Acromyrmex echinatior

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Acromyrmex echinatior
Scientific classification
A. echinatior
Binomial name
Acromyrmex echinatior
Forel, 1899

Acromyrmex echinatior is a species of New World ants of the subfamily Myrmicinae of the genus Acromyrmex. It is found in the wild naturally from Mexico to Panama.[citation needed]

In Costa Rica this species prefers open dry habitats such as urban areas around San Jose and seasonally dry habitats of Guanacaste Province. There is evidence to suggest that this species nests may occasionally be arboreal.[citation needed]

Queens multiply mate, and colonies are facultatively polygynous. Nonreproductive workers of the colony 'police', that is, selectively destroy worker-laid eggs, but don't attack reproductive workers. Relatedness incentives are the most likely ultimate cause of the evolutionary maintenance of worker–egg policing in A. echinatior.[citation needed]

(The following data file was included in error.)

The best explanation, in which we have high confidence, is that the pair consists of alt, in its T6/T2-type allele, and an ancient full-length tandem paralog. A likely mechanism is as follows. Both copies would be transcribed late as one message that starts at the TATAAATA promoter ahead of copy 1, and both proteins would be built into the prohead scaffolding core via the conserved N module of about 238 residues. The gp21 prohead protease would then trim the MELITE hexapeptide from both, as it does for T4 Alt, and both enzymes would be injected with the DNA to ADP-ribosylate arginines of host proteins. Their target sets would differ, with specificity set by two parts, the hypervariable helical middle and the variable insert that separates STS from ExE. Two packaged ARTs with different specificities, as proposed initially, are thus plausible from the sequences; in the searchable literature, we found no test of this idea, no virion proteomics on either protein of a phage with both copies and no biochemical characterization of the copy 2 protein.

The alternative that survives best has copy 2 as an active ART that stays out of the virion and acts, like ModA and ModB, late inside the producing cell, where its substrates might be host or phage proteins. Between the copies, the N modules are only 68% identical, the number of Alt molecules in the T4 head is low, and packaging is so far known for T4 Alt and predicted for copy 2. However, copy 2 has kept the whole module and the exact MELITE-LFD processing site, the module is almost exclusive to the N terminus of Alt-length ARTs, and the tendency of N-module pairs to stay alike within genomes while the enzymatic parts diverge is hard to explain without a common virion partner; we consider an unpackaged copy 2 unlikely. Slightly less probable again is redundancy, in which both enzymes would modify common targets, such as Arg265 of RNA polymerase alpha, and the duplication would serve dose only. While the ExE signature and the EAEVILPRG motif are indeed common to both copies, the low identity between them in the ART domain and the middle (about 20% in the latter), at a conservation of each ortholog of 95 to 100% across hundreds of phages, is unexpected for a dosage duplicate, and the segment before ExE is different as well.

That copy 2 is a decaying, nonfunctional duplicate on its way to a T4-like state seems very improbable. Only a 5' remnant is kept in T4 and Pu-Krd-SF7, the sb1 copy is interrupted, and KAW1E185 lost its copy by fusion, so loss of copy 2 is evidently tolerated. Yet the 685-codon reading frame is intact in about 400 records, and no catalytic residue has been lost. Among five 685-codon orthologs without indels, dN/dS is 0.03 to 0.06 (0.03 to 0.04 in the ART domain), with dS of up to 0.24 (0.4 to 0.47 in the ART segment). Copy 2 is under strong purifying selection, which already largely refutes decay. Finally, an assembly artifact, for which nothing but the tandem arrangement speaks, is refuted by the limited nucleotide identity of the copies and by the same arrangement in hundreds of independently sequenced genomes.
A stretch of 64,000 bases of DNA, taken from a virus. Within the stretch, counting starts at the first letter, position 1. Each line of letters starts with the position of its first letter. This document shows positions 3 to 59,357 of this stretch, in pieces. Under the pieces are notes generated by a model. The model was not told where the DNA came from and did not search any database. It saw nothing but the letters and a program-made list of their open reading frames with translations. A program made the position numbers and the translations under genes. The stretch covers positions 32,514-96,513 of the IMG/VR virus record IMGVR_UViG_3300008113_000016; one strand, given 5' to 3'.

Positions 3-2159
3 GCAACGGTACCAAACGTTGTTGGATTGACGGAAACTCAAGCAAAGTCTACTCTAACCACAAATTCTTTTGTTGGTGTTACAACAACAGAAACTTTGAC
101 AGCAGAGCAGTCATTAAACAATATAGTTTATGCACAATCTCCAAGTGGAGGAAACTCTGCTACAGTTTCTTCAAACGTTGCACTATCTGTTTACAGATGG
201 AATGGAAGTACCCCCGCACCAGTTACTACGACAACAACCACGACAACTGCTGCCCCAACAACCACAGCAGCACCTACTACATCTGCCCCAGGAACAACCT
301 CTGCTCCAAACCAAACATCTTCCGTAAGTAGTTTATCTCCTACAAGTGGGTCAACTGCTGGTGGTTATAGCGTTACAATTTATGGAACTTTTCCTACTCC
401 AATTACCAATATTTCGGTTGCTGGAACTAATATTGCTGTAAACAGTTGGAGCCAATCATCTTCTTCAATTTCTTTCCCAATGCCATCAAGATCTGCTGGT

• "Species: Acromyrmex echinatior". AntWeb. California Academy of Sciences. Retrieved March 5, 2011.
  • Dorte Bekkevold, Jane Frydenberg & Jacobus J. Boomsma (1999). "Multiple mating and facultative polygyny in the Panamanian leafcutter ant Acromyrmex echinatior". Behavioral Ecology and Sociobiology. 46 (2): 103–109. doi:10.1007/s002650050598. JSTOR 4601648.
  • T. R. Schultz, D. Bekkevold & J. J. Boomsma (1998). "Acromyrmex insinuator new species: an incipient social parasite of fungus-growing ants" (PDF). Insectes Sociaux. 45 (4): 457–471. CiteSeerX doi:10.1007/s000400050101.[permanent dead link]

See also[edit]